“Some people think a bow is only wood and hair,” says Günter Seifert, violinist with the Vienna Philharmonic and head of the Wiener Geigen Quartet. “But the bow can be more essential to expressing the soul of the music than the violin is.” [Source: Russ Rymer, Smithsonian Magazine, 2004]
Master bowmaker Marco Raposo knows this. He has made his living from the crucial distinction between the sound generated by synthetic carbon fibre bows and that created by nature-given Pernambuco wood bows.
A craft in crisis
20 years ago, Marco and his fellow bowmakers realised that the supply of Pernambuco wood that nourishes their craft was about to run out. Only around 8% of the Atlantic Forest remains and of that just tiny, scattered fragments are home to the Pernambuco or paubrasilia echinata tree, whose heartwood provides the perfect density, resonance and malleability to create bows that make a violin or cello sing, naturally.
Marco himself established a small plantation of Pernambuco trees in 2000 to produce seeds and wood for the future, but more needed to be done.
Meeting in a bistro in Paris, bowmakers from around the world came together to form the International Pernambuco Conservation Initiative or IPCI. In 2005, working with CEPLAC, a Brazilian government agricultural and forestry research institute, the IPCI launched Programma Pau Brasil, which planted over 150,000 Pernambuco seedlings and kicked off a major research project into the best conditions to grow this precious tree.
The theme of collaboration
Perhaps reflecting its role as an essential partner in the beauty of classical music-making, the Pernambuco tree itself flourishes in what is known as a climax community – a habitat populated by multiple species of plant and animal. It does not really thrive in monoculture or urban environments.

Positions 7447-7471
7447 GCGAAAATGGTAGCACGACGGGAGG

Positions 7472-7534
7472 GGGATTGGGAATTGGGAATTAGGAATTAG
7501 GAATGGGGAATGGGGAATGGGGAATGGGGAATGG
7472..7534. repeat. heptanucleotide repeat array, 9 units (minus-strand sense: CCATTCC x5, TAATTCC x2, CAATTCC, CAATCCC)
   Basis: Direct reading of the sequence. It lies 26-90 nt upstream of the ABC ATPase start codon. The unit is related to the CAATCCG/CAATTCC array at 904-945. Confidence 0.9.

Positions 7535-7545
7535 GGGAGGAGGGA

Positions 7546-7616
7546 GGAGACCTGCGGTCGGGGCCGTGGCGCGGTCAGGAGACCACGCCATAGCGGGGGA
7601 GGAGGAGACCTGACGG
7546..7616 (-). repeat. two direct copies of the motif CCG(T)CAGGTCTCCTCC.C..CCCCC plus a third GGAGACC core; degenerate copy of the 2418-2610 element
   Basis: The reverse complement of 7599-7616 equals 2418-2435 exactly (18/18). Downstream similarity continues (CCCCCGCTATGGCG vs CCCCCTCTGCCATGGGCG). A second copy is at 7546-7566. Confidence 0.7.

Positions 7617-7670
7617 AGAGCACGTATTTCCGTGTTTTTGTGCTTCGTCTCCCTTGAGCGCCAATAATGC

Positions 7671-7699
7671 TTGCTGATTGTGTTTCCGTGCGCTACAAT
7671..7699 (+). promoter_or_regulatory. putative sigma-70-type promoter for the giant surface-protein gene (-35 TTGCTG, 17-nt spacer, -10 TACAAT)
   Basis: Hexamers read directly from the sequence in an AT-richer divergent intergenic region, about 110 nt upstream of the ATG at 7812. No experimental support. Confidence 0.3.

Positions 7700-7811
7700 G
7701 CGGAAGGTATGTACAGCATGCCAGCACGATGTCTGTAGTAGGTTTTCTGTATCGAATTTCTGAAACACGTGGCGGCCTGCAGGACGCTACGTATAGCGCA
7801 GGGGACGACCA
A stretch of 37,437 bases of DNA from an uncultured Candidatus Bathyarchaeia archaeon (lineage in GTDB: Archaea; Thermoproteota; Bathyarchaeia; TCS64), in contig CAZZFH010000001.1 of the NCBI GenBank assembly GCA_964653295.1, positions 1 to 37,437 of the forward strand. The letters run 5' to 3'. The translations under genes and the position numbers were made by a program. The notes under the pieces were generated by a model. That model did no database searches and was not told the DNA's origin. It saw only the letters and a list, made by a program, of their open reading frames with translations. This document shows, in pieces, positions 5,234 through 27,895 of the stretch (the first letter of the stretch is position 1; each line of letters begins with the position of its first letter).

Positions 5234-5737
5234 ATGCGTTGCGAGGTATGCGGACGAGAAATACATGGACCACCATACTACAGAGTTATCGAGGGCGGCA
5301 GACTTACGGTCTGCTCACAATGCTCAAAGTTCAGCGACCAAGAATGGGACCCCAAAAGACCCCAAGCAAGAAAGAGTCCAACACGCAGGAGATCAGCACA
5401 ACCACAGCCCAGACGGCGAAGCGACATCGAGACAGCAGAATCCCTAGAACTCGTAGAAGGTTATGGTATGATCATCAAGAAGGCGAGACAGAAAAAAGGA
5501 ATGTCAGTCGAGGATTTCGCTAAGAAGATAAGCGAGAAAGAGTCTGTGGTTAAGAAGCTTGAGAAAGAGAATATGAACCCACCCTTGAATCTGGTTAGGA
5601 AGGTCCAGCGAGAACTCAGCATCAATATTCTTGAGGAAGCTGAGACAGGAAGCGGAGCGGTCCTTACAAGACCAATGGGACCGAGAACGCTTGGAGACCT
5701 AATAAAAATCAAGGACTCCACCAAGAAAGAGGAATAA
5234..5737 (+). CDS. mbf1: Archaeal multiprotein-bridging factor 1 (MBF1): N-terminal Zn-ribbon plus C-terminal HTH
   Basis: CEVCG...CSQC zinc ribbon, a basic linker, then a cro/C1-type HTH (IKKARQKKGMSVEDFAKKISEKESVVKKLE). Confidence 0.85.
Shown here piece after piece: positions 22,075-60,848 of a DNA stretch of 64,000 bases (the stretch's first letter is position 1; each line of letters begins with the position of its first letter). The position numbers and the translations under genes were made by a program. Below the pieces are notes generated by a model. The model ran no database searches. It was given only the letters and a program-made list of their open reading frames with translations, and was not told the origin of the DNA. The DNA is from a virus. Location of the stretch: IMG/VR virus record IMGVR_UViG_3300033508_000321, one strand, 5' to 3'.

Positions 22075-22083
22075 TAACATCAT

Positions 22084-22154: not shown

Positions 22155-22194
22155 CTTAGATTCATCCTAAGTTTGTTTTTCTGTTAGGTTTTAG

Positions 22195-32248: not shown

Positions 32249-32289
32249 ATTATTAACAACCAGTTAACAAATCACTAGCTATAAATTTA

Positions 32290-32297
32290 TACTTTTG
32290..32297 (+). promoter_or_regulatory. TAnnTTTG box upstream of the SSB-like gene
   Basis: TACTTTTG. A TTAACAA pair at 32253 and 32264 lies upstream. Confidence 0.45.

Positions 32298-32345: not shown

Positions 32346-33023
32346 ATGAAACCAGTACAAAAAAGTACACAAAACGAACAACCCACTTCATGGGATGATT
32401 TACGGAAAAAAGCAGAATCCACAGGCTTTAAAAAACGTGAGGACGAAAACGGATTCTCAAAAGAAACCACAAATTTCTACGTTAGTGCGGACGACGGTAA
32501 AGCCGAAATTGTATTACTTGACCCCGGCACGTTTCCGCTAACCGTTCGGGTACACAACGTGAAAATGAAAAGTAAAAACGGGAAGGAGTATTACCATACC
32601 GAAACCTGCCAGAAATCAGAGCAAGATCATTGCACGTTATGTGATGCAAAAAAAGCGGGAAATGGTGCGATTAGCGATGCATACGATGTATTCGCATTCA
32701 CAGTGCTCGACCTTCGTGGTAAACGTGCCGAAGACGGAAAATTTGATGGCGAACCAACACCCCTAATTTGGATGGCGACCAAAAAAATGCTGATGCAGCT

This is why Marco reached out to RAIN, who specialise in agroforestry projects, regenerating forest habitats as a network of symbiotic, co-dependent species.
The plan is to collect the seeds from Marco’s original plantation, and grow on 50,000 Pernambuco saplings. These will then be distributed to 70 local farmers who will be trained by RAIN to care for and nurture the trees to maturity. Research has shown that a well-maintained paubrasilia in the right habitat will produce enough heartwood for bow-making within 30 years or so.
A hero of the Mata Atlantica
Marco Raposo is not only a master bowmaker. He is a proactive, knowledgeable and committed agent for change in the eco-disaster that is the Mata Atlantica today.
In 2004 he founded the Instituto Verde Brasil, to care for the 7,500 Pernambuco trees he had planted, and to build partnerships with government and research bodies in order to develop a sustainable, funded, long-term project to build back the paubrasilia population.
Thanks to a grant from the local government in Espírito Santo on the east coast of Brazil, and the loan of land to create a nursery, Marco has built a team who have germinated thousands of paubrasilia saplings and other native species which will be used to re-forest areas of Espírito Santo.
Marco also works to protect the 150 or so mature trees in his local area. Illegal logging or just destruction through clearing or fire are both threats to the species.
Hope born of focused action
Nearly 20 years after those master bowmakers met in Paris to decide how to save this unique resource, the Pernambuco tree is still not off the CITES endangered list and its numbers are still nowhere near a level that will ensure its long-term survival.
But the Trees of Music project and the combined efforts of RAIN and Marco Raposo’s Instituto Verde Brasil will change that, with the right support from investors to assure the future of this “cinderella of the orchestra”, the Pernambuco tree.